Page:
By Rose Lock
We are lucky at the University of Sussex Special Collections to have a number of fabulous and varied rare book collections, which are now part of the wonderful collections held at The Keep. As well as individual researchers ordering in our reading room, academics from Sussex and other universities use the books to teach their courses, running seminars in our education rooms where the students can get first-hand experience of handling rare volumes.
Our largest collection is the University of Sussex Rare Books, formed in 2003 from our library’s stock and including donations from Harold Foster Hallett, Sir Henry D’Avigdor-Goldsmid and Bishop George Bell. The range of dates and subjects in the collection is wide, and with nearly 2000 volumes it is our largest collection of published material. A highlight of this collection is The works of that famous chirurgeon Ambrose Parey (SxUniversityRareBooks/784 ) from 1678 was at its time a revolutionary book of surgery, not just for the skills and techniques developed by the man considered the father of modern surgery, but also because he did not publish in Latin.
The Travers Collection was donated to the University by Joy Travers and represents a selection of the collection of Michael Travers, a book collector with wide ranging tastes. It showcases a range of different printing and binding techniques from the 15th to 19th centuries. The themes of the development of modern culture and of the impact of the printing press run through this collection. It includes the first book printed in England in the English language, The Polychronicon (SxTravers/7) printed in 1482 by Caxton, and first editions of The workes of Benjamin Jonson, (SxTravers/226) 1616 and Hobbes Leviathan, (SxTravers/250) 1651. Demonstrating its variety, the collection also includes the largest book in our collections, a reprint of the second volume of Audubon’s Birds of America, (SxTravers/335) printed in Double Elephant and has pages 23×28 inches. Known as ‘the most expensive book in the world’, our 1970’s reprint allows researchers to see the rich, full size illustrations close up. Continue reading
By Karen Watson & Sam Nesbit
“So long as you write what you wish to write, that is all that matters; and whether it matters for ages or only for hours, nobody can say.”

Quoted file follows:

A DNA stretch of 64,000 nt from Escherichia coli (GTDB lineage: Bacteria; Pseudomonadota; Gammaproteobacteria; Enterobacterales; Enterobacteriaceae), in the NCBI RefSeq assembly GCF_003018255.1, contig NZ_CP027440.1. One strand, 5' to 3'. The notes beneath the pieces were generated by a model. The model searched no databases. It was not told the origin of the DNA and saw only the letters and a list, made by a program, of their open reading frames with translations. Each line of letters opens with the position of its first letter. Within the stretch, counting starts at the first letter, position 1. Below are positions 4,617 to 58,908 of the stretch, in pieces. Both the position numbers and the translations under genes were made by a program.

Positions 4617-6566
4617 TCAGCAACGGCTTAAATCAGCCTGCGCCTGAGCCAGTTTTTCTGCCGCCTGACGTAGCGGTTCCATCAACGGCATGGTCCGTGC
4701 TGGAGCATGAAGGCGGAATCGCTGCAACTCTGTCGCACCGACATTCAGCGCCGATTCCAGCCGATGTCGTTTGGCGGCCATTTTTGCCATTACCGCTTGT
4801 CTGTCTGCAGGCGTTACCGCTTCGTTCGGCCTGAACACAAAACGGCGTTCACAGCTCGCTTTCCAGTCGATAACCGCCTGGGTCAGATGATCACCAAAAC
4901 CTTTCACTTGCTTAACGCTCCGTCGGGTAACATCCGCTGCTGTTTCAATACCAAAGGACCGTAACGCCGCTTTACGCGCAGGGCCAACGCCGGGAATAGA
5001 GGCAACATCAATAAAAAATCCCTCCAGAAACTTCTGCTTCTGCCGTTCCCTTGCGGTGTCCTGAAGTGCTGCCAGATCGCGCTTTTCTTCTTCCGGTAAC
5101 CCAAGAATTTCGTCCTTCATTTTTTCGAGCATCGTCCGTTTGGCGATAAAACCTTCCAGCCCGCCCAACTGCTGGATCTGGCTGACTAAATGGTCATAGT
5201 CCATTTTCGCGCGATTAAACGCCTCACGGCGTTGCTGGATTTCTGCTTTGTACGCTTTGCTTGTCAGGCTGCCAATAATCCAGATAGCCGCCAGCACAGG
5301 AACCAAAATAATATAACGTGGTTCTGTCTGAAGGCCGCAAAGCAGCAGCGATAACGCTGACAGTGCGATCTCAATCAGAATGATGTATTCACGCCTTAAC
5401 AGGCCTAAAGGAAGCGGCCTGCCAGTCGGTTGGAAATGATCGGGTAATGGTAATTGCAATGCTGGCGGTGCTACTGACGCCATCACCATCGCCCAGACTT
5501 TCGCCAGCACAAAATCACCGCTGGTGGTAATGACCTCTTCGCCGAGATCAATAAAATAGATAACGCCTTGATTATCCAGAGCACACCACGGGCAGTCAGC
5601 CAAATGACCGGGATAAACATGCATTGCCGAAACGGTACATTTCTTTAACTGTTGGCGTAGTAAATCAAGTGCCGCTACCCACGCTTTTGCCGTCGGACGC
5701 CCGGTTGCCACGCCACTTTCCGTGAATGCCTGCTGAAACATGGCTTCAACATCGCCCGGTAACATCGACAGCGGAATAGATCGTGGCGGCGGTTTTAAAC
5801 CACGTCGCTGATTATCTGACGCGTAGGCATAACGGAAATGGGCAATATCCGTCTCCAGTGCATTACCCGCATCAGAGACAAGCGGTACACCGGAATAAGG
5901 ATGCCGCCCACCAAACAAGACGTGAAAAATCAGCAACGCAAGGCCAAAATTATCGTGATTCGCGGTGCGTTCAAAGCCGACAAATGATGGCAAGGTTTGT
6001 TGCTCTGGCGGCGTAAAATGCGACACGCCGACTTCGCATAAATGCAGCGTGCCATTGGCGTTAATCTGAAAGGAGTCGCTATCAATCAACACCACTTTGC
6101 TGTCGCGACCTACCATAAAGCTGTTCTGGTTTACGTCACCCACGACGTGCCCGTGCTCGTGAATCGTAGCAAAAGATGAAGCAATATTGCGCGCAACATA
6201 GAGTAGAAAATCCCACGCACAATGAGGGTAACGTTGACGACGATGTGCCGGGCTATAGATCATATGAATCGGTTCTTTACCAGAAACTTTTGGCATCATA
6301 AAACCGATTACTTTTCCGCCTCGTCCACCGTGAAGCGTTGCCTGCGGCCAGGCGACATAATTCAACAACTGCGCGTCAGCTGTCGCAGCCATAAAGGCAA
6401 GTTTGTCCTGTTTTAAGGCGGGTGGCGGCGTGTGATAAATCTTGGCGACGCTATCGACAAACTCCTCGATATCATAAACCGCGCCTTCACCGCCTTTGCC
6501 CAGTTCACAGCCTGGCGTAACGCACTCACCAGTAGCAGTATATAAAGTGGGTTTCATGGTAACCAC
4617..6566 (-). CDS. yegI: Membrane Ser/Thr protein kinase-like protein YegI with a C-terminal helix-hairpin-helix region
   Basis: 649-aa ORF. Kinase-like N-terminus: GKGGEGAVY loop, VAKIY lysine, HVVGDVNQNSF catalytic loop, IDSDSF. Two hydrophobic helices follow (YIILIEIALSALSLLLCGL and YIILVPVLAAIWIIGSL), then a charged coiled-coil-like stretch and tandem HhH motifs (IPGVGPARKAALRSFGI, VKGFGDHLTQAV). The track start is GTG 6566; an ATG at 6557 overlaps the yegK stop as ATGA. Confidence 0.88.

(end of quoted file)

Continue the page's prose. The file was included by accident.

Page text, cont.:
― Virginia Woolf, A Room of One’s Own
In response to feedback from the Library Staff Conference and comments from colleagues about quiet working spaces across campus, the Innovation Group approached Sussex researcher Dr Catherine Pope to facilitate a writing retreat for Library Staff. Our aim was to provide staff with a set of writing techniques that would help them structure their work, but more importantly, to provide a suitable space to knuckle-down and apply them. There were no rules about what to write: the idea was to be as open and inclusive as possible.
Part 1: the Workshop
Catherine scheduled a preparatory workshop in May, a half-day series of exercises at Jubilee, where we learned about (amongst other things): the Pomodoro technique, freewriting vs. generative writing, anti-procrastination techniques, and the sage wisdom of many professional writers (sample quote: “If you want to be a [professional] writer, you must do two things about all others; read a lot and write a lot. There is no way around these two things that I’m aware of, no short cut.” – Stephen King).
The attendees came from all sections and grades in the library, and the span seemed to emphasise the inescapable fact: writing is hard, no matter role you do.
Catherine emphasised the need to just write: it doesn’t matter what the first draft looks like, the process is the thing, get it out – all variants of the same command: stop faffing! It was refreshing to hear such direct, sensible advice – confronting the simple nature of the task made it easier to stop worrying about all the complexities, analogous to moving house: get everything in, then start to tidy the rooms.
The 5 hours flew by (most of it spent actually writing), and the group came out buzzing, and looking forward to applying what we’d learned. Continue reading
By Ed Hogan
Much of the feedback from the Library Conference focused on how great it was to chat to colleagues in other departments, and find out what they’ve been up to. Many of you have also taken part in the recent round of writing workshops, and produced great work. A library blog seems like the ideal way to harness your enthusiasm for writing, while continuing the conversation with other library staff.
We hope you’ll contribute, and we’ve anticipated some questions:
Where will it be, and how do I post?
The blog will have a nice big link on the Library Intranet homepage. You’ll be able to subscribe to emails alerting you to new content. It’s publicly viewable, but you’re in control of how your work is promoted.
You can send your posts to us, at email@example.com and we’ll put them up for you. Continue reading